The plantar fascia is a thick layer of connective tissue that originates from the heel and fans out to the underside of each toe. It provides support to the arch of the foot and serves as a shock absorber during activities like running and walking that require extension of the toes. As the toes extend, the plantar fascia tightens and elevates the arch of the foot.
When a person suffers from plantar fasciitis, the bottom of the foot gets irritated and swells.
Obesity, sudden weight gain, prolonged standing or weight-bearing and overtraining in runners are risk factors for plantar fasciitis. All these activities place increased, repetitive tensile forces on the plantar fascia.
Other risk factors include flat feet and reduced dorsiflexion (upward flexion of ankle) because of improper distribution of load on the fascia.
Heel spurs are found in 50 percent of those with plantar fasciitis, although the mechanism with which they produce fascial damage is unclear. Systemic diseases such as diabetes mellitus and rheumatic disease have also been linked to plantar fasciitis as they lead to changes in the muscular and bony structure of the feet.
Plantar fasciitis is a degenerative condition that results from repetitive stress that causes micro-tears in the fascia. If these tears occur frequently, the body loses its ability to heal itself, so a chronic state of inflammation ensues. The hallmark symptom of plantar fasciitis is heel or arch pain in the sole of the foot. This pain is often worse at the beginning of the aggravating activity and lessens as the foot warms up. With severe plantar fasciitis, pain may be also be worse at the end of the day.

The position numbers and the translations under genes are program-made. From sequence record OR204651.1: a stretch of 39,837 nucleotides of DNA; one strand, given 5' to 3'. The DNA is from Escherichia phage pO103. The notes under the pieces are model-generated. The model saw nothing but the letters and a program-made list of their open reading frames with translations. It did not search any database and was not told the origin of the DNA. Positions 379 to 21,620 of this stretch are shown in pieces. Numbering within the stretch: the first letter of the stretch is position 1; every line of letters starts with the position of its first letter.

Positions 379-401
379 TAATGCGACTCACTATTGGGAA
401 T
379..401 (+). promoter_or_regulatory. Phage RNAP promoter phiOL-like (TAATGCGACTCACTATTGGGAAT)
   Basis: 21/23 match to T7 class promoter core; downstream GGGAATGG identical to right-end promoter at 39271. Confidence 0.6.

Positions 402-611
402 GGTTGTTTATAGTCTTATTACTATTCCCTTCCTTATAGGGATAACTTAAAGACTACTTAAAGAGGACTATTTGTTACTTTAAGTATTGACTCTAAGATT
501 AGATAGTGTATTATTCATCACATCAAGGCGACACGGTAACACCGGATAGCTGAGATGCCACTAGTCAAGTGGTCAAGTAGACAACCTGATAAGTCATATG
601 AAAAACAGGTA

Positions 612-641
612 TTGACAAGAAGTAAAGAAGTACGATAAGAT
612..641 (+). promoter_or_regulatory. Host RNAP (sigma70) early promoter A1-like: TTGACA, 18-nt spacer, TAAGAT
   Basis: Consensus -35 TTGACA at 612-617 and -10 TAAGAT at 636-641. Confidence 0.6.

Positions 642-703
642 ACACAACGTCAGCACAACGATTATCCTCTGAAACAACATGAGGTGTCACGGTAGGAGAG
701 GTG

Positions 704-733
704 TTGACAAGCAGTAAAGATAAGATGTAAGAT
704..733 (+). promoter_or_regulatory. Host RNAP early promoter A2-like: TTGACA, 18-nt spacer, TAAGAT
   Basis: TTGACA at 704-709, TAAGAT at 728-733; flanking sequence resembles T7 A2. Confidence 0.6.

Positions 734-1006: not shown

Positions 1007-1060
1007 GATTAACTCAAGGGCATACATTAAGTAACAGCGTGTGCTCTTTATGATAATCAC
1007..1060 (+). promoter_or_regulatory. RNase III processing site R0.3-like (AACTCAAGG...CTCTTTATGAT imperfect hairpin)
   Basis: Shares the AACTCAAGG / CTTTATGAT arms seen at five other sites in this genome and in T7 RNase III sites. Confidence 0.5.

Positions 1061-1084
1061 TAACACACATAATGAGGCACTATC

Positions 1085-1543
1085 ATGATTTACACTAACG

Diagnosis of plantar fasciitis is made based on the patient's symptoms and a physical examination by a clinician. Tenderness experienced by the patient may be reproduced by the clinician with flexion of the toes and ankle as well as upward and palpating the length of the fascia.
Plain X-rays may be taken to rule out the presence of heel spurs and other causes of inferior heel pain — like a stress fracture or a bone malformation. Magnetic Resonance Imaging should be taken to rule out soft tissue disease in cases of intractable plantar fasciitis that doesn't get better after conservative management.
Plantar fasciitis is a condition that can take six – 18 months to resolve. Treatment begins with conservative management such as weight reduction and avoiding activities that irritate the foot. Mechanical support for the foot can be achieved through arch supports, heel cups, night splints and orthotics that can relieve pressure off the plantar fascia. Stretching and strengthening are also important aspects of the treatment. Stretching the soleus and gastrocneumius muscles and the plantar fascia can be accomplished with the stair and ball-rolling stretches along with cross-friction massage. Strengthening exercises improve the muscles of the foot.
Ice and anti-inflammatory medications can help manage foot pain. Longer-lasting anti-inflammatory medication such as corticosteroid injections may be used for chronic heel pain. Multiple injections, however, can increase the risk of fascial weakness or rupturing, lead to fat pad atrophy and infection of the heel bone. Although these side effects can be prevented, steroid injections are reserved for persistent cases.
Reviewed by health care specialists at UCSF Medical Center.